“In the absence of specific EU provisions, EU national court shall apply in regard to EUTM registrations the applicable national law pursuant to art. 129 EU Reg. 2017/1001 (EUTM Regulation). However, this may lead to different national interpretations and treatment of EUTM registrations and affect the unitary character of the EU mark, and as we all know, the Court of Justice does not really like that. Case C-607/19, decided on 17 December 2020 on a request for a preliminary ruling from the Bundesgerichtshof (Federal Court of Justice, Germany), shows that the EUTM unitary character is still an overriding concern for the CJEU and that it will go to great lengths to ensure it.”
Top 3 Kluwer Patent Blog posts of December/January/February
“Last year, the European Patent Office changed the publication schedule of the Guidelines as part of its Strategic Plan 2023 which meant there was no update to the Guidelines in 2020. The changed schedule also made room for public consultation to enable increased stakeholder involvement.
The first such public consultation ran for six weeks and closed mid-April 2020. Future consultations will follow a similar timeline. Following that consultation, as well as the usual Guidelines update process, the EPO has today published an advance preview of the Guidelines which will come into force on 1 March 2021.”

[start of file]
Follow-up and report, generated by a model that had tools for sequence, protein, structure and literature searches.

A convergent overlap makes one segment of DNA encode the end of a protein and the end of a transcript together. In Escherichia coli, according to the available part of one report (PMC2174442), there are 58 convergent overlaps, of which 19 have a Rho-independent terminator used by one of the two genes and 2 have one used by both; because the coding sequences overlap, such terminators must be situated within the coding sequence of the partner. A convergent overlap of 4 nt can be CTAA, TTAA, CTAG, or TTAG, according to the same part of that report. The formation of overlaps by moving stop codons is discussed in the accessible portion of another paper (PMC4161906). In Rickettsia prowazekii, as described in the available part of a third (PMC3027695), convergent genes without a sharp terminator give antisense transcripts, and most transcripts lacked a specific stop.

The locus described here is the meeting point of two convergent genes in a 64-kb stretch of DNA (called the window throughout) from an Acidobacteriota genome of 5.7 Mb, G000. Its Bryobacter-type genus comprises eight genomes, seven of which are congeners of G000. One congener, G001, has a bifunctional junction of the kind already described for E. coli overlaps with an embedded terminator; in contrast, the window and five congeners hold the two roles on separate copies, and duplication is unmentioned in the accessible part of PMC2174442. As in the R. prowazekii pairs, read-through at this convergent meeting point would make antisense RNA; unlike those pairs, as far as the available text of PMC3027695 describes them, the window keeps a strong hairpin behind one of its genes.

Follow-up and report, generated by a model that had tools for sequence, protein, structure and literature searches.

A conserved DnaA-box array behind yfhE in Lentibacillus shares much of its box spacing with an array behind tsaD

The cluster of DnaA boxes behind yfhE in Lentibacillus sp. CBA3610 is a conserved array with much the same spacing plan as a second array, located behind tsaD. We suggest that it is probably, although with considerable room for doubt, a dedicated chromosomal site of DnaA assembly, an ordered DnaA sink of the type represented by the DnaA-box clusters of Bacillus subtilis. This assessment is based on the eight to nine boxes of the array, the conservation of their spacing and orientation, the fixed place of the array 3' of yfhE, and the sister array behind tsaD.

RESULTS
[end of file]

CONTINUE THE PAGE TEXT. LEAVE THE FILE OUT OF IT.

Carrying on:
2) German ratification of Unified Patent Court Agreement put on hold by Kluwer Patent Blogger
“The German ratification of the Unified Patent Court Agreement has been put on hold at the request of the German Federal Constitutional Court.
The FCC has confirmed this in answer to questions by Kluwer IP Law. The FCC has asked Bundespräsident Frank-Walter Steinmeier, to refrain from signing the bill into law, because two constitutional complaints were filed against ratification of the UPCA on 18 December 2020 (2 BvR 2216/20 and 2 BvR 2217/20), the day the Bundesrat completed the parliamentary ratification procedure by unanimously approving the bill.
A spokesperson for the Federal President has indicated he will indeed wait with signing the bill.”
3) Survey: EPO working conditions continue to deteriorate by Kluwer Patent Blogger
“Less than one out of three employees at the EPO are satisfied with their working life, according to a survey on psychosocial risks which was carried out for the Staff Union of the EPO. 66% of the respondents in the survey said their working conditions have deteriorated over the last 3 years, and 63% perceive a negative impact of work on their health.
According to the results of the survey, carried out by the French group Technologia, the situation at the EPO is deteriorating for various reasons, partly depending on the site, Job Group or Directorate General, but the lack of time is increasingly mentioned. 72% of respondents mentioned this as, against 43% in the 2016 edition of the survey. Other factors are decisions of management (83%), poor atmosphere (58%), lack of consideration (51%), difficulty of the work (16%), ergonomics of the workplace (12%).
“As a result, the quality of the work is greatly affected. The impossibility of carrying out one’s tasks and doing quality work also impacts on the health of employees, particularly in terms of psychological distress”, according to a summary of the results.””